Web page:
Two serious knee injuries for Liverpool. What are ACL injuries?

October 16, 2015

In the midst of all the excitement that comes with the arrival of a new Manager, it has been a disastrous week for Liverpool on the injury front. Two of its best young players, both of whom only arrived in the summer, sustained serious knee injuries They both tore their anterior cruciate ligament (ACL). Joe Gomez injured his knee while playing for the England U21 team against Kazakhstan on Tuesday night. And then at training on Wednesday striker Danny Ings tore his ACL.

ACL injuries, which are seen mainly in sports such as netball, basketball and skiing as well as the various football codes, are devastating for both player and club as they require a lengthy time off sport.

The knee relies on a number of ligaments for stability. Two of these ligaments are the cruciate (cross) ligaments, the anterior and posterior, named for the site of their attachment on the tibia (shin bone). See the figures below

                                  

Front view                                                                Back view

 

The ACL controls rotational movement of the knee and is most important in pivoting movements of the knee. It can be injured in three different ways – by direct contact (e.g. in a tackle), by landing from a jump with an outstretched knee, or by simply changing direction. The player will often hear a “pop” or feel like the knee has “popped out of place and back again”.

An ACL injury is typically very painful for the first few minutes and then the pain settles down, often leading to false optimism that the injury may not be so serious after all. Occasionally the player then goes back on the pitch only for the knee to collapse when they attempt a sudden change of direction.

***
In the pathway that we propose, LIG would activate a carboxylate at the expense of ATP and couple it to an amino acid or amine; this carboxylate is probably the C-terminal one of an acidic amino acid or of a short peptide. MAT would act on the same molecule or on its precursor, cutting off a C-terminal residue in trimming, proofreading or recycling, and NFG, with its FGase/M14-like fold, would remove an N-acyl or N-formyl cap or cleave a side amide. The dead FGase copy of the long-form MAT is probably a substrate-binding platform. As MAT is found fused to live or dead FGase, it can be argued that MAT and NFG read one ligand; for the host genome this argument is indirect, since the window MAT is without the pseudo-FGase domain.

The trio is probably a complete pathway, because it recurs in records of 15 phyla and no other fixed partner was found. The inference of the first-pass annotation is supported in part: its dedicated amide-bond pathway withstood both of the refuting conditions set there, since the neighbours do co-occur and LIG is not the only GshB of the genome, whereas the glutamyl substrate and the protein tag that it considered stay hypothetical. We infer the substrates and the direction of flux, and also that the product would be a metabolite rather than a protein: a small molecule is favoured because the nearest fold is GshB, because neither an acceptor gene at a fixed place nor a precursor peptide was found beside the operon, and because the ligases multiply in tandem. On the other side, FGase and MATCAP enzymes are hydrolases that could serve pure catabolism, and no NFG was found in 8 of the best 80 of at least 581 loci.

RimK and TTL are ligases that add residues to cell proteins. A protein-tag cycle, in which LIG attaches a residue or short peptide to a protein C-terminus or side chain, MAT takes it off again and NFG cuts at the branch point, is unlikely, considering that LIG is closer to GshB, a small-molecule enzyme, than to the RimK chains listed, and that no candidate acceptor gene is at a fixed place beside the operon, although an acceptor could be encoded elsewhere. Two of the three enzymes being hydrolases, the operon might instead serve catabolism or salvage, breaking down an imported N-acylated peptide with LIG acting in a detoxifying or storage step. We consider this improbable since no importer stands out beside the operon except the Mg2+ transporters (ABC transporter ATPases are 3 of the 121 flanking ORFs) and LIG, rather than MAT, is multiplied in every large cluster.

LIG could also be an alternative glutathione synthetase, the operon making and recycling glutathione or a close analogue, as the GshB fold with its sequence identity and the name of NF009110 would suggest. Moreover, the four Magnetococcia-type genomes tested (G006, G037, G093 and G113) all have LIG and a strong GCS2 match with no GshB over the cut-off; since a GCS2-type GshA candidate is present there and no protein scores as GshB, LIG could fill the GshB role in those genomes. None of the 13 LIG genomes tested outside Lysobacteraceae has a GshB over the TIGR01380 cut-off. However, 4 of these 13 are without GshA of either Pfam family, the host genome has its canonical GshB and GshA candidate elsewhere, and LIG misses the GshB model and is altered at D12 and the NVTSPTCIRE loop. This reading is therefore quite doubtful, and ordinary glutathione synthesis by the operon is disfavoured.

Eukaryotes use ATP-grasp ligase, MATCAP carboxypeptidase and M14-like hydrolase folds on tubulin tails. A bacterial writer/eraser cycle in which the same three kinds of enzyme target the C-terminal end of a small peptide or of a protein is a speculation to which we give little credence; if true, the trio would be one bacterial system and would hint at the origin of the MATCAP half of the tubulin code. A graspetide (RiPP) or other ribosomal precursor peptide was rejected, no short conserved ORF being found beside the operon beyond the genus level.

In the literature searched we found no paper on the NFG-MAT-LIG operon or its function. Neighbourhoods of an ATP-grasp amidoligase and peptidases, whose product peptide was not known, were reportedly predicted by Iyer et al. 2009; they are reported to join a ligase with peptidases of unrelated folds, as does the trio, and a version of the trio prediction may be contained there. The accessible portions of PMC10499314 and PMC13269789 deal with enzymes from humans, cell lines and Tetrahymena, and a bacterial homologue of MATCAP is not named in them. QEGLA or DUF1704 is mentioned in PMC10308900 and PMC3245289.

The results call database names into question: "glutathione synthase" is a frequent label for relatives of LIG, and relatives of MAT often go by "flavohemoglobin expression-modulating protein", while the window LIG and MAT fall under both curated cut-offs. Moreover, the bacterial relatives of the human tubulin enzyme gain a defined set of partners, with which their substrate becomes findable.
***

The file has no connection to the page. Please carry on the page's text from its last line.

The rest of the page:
The reason an ACL injury is such a serious one for a footballer is that because the ligament does not tear cleanly but is actually shredded, it cannot be directly repaired. Instead the ligament has to be reconstructed.

In an ACL reconstruction, the surgeon takes either a piece of the patellar tendon at the front of the knee or one of the hamstring tendons at the back of the knee, and creates a substitute ACL This involves drilling through the joint and inserting the new “ligament” attaching it with screws. The operation previously involved opening up the knee joint, but over the past two decades the reconstruction is performed through an arthroscope (telescope).

Following the surgery a lengthy rehabilitation program is required to return the knee to full function. The players work incredibly hard with the physiotherapy and fitness staff to restore the strength, balance and function of the knee. This process takes on average 8-9 months, so it is unlikely that we will see either of the Liverpool players again until next season. In most cases the player will make a full recovery and return to their previous level of play, although frequently it takes a season or two to achieve that.

Over the past couple of years, evidence had emerged that not all ACL tears require a reconstruction, and certainly many of these injuries in the non-elite sporting population can be managed with an intensive rehabilitation program alone. However at the moment, most high level athletes are treated with a surgical reconstruction of the ligament.

It has been a bad month for cruciate injuries in the Premier League. As well as the Liverpool pair, Bournemouth have had three players with ACL injuries – Tyrone Mings, Calllum Wilson and Max Gradel, while Newcastle goalie Tim Krul has also torn his ACL and will miss the rest of the 2015-16 season.

There is some evidence that preventive programs involving lots of balance work as well as education on jumping and landing techniques can reduce the risk of these injuries. Most clubs now incorporate these exercises into their training programs. However, as we have seen, they still occur, although for clubs such as Bournemouth and Liverpool to have more than one ACL injury in a season is very unusual.